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Last updated: November 22, 2023

Method Hooking


In section "Execution Tracing" we've used frida-trace when navigating to a website in Safari and found that the initWithURL: method is called to initialize a new URL request object. We can look up the declaration of this method on the Apple Developer Website:

- (instancetype)initWithURL:(NSURL *)url;

Using this information we can write a Frida script that intercepts the initWithURL: method and prints the URL passed to the method. The full script is below. Make sure you read the code and inline comments to understand what's going on.

import sys
import frida

# JavaScript to be injected
frida_code = """

    // Obtain a reference to the initWithURL: method of the NSURLRequest class
    var URL = ObjC.classes.NSURLRequest["- initWithURL:"];

    // Intercept the method
    Interceptor.attach(URL.implementation, {
        onEnter: function(args) {
            // Get a handle on NSString
            var NSString = ObjC.classes.NSString;

            // Obtain a reference to the NSLog function, and use it to print the URL value
            // args[2] refers to the first method argument (NSURL *url)
            var NSLog = new NativeFunction(Module.findExportByName('Foundation', 'NSLog'), 'void', ['pointer', '...']);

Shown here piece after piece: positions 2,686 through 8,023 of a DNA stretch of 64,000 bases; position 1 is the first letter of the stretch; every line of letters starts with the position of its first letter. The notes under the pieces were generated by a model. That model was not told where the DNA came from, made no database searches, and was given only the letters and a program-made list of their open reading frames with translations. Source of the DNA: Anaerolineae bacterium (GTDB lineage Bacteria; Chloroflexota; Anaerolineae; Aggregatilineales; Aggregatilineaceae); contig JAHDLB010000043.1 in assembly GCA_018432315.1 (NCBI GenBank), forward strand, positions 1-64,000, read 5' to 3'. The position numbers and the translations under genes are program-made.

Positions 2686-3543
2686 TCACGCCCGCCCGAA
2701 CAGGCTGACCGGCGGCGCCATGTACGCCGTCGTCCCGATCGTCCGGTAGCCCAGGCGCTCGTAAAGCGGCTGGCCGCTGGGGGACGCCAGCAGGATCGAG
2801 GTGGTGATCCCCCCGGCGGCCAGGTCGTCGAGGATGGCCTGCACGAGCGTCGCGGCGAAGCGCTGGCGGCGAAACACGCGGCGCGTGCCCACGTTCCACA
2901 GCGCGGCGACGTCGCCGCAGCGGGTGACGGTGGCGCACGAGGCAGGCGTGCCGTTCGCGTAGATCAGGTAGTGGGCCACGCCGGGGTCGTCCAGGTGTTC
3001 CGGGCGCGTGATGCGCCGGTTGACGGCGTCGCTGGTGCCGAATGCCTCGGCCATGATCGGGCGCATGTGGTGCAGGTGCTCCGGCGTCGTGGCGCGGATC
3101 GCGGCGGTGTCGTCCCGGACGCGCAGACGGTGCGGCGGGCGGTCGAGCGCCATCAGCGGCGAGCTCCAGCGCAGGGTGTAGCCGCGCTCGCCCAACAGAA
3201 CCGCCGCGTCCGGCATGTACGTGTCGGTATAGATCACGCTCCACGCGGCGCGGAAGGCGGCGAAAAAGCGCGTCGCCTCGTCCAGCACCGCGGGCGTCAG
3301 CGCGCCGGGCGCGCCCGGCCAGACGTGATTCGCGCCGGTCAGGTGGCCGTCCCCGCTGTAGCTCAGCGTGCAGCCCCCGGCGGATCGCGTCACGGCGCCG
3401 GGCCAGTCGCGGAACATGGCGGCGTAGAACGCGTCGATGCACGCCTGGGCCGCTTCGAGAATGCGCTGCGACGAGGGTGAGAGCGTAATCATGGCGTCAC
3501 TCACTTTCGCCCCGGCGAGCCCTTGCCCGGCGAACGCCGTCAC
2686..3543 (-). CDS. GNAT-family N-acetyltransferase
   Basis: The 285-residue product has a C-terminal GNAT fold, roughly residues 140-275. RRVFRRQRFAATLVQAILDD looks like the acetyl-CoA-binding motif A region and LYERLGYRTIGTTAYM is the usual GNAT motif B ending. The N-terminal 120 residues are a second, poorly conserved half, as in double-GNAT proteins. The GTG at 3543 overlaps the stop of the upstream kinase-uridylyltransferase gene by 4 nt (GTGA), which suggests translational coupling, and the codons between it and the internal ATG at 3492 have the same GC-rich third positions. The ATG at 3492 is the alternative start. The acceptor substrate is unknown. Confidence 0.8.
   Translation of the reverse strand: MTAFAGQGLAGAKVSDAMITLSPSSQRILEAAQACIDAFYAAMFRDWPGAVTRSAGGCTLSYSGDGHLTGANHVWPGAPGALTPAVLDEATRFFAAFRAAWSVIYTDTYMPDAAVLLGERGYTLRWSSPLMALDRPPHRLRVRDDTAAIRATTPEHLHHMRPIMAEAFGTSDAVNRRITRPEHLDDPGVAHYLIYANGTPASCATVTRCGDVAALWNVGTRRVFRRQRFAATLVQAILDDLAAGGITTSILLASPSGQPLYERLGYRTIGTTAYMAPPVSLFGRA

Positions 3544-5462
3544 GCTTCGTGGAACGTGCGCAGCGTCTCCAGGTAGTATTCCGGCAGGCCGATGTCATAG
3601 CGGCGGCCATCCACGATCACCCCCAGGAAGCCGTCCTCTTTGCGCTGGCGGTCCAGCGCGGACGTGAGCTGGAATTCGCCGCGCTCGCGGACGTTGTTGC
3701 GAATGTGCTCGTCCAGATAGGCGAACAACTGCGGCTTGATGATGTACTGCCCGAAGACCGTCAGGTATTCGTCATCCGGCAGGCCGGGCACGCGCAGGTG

// We should always initialize an autorelease pool before interacting with Objective-C APIs
            var pool = ObjC.classes.NSAutoreleasePool.alloc().init();

            try {
                // Creates a JS binding given a NativePointer.
                var myNSURL = new ObjC.Object(args[2]);

                // Create an immutable ObjC string object from a JS string object.
                var str_url = NSString.stringWithString_(myNSURL.toString());

                // Call the iOS NSLog function to print the URL to the iOS device logs

                // Use Frida's console.log to print the URL to your terminal

            } finally {

process = frida.get_usb_device().attach("Safari")
script = process.create_script(frida_code)

Start Safari on the iOS device. Run the above Python script on your connected host and open the device log (as explained in the section "Monitoring System Logs" from the chapter "iOS Basic Security Testing"). Try opening a new URL in Safari, e.g.; you should see Frida's output in the logs as well as in your terminal.

Of course, this example illustrates only one of the things you can do with Frida. To unlock the tool's full potential, you should learn to use its JavaScript API. The documentation section of the Frida website has a tutorial and examples for using Frida on iOS.